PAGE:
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Which Latin American companies invest in China?

The Chinese market is attractive to all investors, even to those in Latin America. A study conducted by IDB analyzes the characteristics of the companies in the region that have gained access to this Asian giant.

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Published by ConnectAmericas

HIGHLIGHTS

  • A study by the Inter-American Development Bank (IDB) identified 85 Latin American companies with investments in China
  • 47% of the companies carry out sales, marketing and support activities, generally through a representation or commercial office in the country
  • 64% engage in producing or providing direct services in China

Historically, economic relations between China and Latin America and the Caribbean (LAC) have been based on the trade of commodities. Although this has not significantly changed, there is a group of pioneer Latin American companies that have decided to venture and invest in China, one of the most important and attractive markets in the world.

What are these companies like? Since the existing information was not precise, economists from the Inter-American Development Bank (IDB) identified 85 Latin American companies with investments in this Asian giant and analyzed their particular characteristics.

Firm characteristics

Manufacturing firms comprise the largest subgroup of the sample, while the amount of service providers and firms in the primary sector (whose activities have a direct link to natural resources) is smaller. Manufacturing comprises a broad category that includes a wide range of firms, including a large number of automotive part producers, steel and metallurgy firms, food and beverage producers and chemical manufacturers.

The service sector companies are also a diverse group of firms representing the transportation, food service, finance, consulting, software and IT industries. The last group features firms mainly involved in mining, oil and forestry.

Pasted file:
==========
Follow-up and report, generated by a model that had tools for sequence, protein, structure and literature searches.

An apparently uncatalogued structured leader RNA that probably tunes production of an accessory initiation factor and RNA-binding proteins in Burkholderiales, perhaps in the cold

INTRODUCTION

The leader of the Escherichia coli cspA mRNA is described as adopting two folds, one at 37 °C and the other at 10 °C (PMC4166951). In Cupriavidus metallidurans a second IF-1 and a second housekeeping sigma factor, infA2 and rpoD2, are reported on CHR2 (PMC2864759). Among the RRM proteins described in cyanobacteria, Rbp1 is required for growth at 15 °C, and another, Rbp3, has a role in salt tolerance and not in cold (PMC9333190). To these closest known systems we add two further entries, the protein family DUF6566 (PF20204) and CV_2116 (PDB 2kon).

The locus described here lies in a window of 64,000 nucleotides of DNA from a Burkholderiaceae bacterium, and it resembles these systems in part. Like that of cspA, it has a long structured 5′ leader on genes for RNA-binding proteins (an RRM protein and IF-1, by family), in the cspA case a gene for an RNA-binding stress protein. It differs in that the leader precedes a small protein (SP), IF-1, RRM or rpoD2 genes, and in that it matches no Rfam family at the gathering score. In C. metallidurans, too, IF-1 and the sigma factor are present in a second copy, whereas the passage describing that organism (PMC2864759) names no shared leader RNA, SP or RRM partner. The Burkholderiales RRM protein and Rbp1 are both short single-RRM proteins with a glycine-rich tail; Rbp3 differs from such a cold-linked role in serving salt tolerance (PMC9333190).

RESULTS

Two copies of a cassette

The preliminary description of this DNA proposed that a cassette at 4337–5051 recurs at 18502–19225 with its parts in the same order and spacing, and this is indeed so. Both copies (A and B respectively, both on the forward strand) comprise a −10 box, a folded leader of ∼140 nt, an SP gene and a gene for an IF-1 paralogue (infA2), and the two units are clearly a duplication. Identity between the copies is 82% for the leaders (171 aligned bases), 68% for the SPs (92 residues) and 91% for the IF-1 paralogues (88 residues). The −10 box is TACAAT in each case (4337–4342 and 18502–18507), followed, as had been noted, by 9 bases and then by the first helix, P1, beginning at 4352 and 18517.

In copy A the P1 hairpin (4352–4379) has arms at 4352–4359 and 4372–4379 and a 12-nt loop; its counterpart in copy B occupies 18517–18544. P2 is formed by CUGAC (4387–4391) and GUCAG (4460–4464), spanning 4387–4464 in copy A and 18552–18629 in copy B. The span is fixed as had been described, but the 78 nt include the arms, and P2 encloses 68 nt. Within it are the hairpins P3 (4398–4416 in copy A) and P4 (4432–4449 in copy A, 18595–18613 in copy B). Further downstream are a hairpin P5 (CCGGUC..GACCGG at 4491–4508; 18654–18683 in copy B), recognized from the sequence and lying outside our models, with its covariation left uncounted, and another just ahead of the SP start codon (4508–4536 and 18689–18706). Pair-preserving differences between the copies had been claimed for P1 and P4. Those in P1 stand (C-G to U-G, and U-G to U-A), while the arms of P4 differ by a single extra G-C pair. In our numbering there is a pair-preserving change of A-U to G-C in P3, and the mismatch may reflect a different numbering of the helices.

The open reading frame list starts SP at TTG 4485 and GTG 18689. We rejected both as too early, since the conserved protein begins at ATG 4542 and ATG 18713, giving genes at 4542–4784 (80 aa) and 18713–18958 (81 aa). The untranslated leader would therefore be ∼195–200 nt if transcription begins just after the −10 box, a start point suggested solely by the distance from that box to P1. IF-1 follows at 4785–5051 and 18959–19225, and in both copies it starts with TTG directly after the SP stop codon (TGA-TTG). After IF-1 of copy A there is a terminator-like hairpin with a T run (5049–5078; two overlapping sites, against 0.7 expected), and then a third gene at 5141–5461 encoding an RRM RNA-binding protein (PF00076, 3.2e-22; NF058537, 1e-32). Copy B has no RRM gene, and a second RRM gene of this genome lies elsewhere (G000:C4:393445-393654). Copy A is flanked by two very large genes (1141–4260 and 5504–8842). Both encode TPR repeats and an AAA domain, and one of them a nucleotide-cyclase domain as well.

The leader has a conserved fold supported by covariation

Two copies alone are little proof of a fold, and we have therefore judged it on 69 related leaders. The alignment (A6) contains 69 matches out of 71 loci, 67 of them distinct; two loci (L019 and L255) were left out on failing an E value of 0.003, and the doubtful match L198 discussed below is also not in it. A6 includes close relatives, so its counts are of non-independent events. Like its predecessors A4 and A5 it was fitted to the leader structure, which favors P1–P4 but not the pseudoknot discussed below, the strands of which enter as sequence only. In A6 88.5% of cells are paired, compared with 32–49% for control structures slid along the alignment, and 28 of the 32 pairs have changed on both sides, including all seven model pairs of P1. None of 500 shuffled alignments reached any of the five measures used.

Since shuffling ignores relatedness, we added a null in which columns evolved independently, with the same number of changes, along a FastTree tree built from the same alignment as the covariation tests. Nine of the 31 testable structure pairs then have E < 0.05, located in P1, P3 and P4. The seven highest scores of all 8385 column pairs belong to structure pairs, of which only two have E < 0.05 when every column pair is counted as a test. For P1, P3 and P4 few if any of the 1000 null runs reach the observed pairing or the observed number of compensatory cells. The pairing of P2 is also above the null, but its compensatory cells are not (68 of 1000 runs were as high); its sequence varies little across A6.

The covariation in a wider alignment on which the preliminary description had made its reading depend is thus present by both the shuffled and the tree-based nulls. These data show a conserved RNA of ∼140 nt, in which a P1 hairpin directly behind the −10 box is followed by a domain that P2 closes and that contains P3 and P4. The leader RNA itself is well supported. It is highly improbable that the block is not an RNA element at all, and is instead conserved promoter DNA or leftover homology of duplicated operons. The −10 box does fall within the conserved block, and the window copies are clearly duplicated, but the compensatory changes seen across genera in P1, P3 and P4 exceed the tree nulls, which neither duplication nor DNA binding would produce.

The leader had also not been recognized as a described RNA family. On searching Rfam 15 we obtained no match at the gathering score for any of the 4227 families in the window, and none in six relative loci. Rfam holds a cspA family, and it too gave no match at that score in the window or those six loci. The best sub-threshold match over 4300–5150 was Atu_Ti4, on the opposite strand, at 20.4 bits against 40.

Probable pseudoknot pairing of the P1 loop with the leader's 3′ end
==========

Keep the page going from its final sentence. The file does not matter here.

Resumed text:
However, if we look at the value of the reported investments, a different picture of sector participation emerges. By this metric, the dominant players are from the primary sector (oil, carbon and gas, in particular), food and beverage production and financial services. It is important to keep in mind that these shares only reflect the reported investments, which often vary considerably from the data reported by official sources like China’s Mofcom. This information can give us a general idea of the investment volume per sector and indicates that although the number of firms in sectors such as oil, mining and financial services is small, they could account for a disproportionate share of the total value of LAC investments in China.

Generally speaking, whether large or small, investments in China are a relatively recent phenomenon. Over half of the 85 companies included in the sample entered this market as of 2007. This is not surprising given that i) investment generally follows trade, ii) trade between the two economies took off in 2000 and iii) Latin America only started to develop important groups of globally oriented firms in the past few decades.

The pioneers —that entered China before 2000— are the largest and most globalized firms in Latin America, which had already established a dominant position in the regional market before entering China.

Activities of LAC firms in China

The activities of Latin American firms in China have two noteworthy characteristics. First, many (47%) carry out sales, marketing and support activities, generally through a representation or commercial office in the country. These tend to be small operations, typically with less than 10 employees, requiring a minimum investment. With this type of presence, companies can have a better understanding of the market and their clients’ needs, which enable them to offer adequate products, study new market niches and forge stronger relationships with the customers.

Production along with direct service provision represents the other major activity of these companies. In fact, 64% engage in producing or providing direct services in China. Refining and processing natural resources are included in the realm of production, in the understanding that these are added value activities that transform raw material into new products.

In general, primary sector and manufacturing firms that produce in China are the largest companies in the region and many times consist of diversified business groups. Some of the companies included in this group are Cemex, Alfa Group and Bimbo Group of Mexico, Embraco, Embraer and Vale of Brazil, Tenaris of Argentina and Sigdo Koppers of Chile.

On the services side, we see that almost all companies use their presence in China to offer direct services to clients. For instance, since many of the services are flexible and are of a non-capital intensive nature, it is much easier to set up this type of operation than it would for an auto parts maker to establish a production plant. Also, some companies in this sector, such as restaurants and transportation, require provision and consumption to take place simultaneously, making direct presence a necessity.

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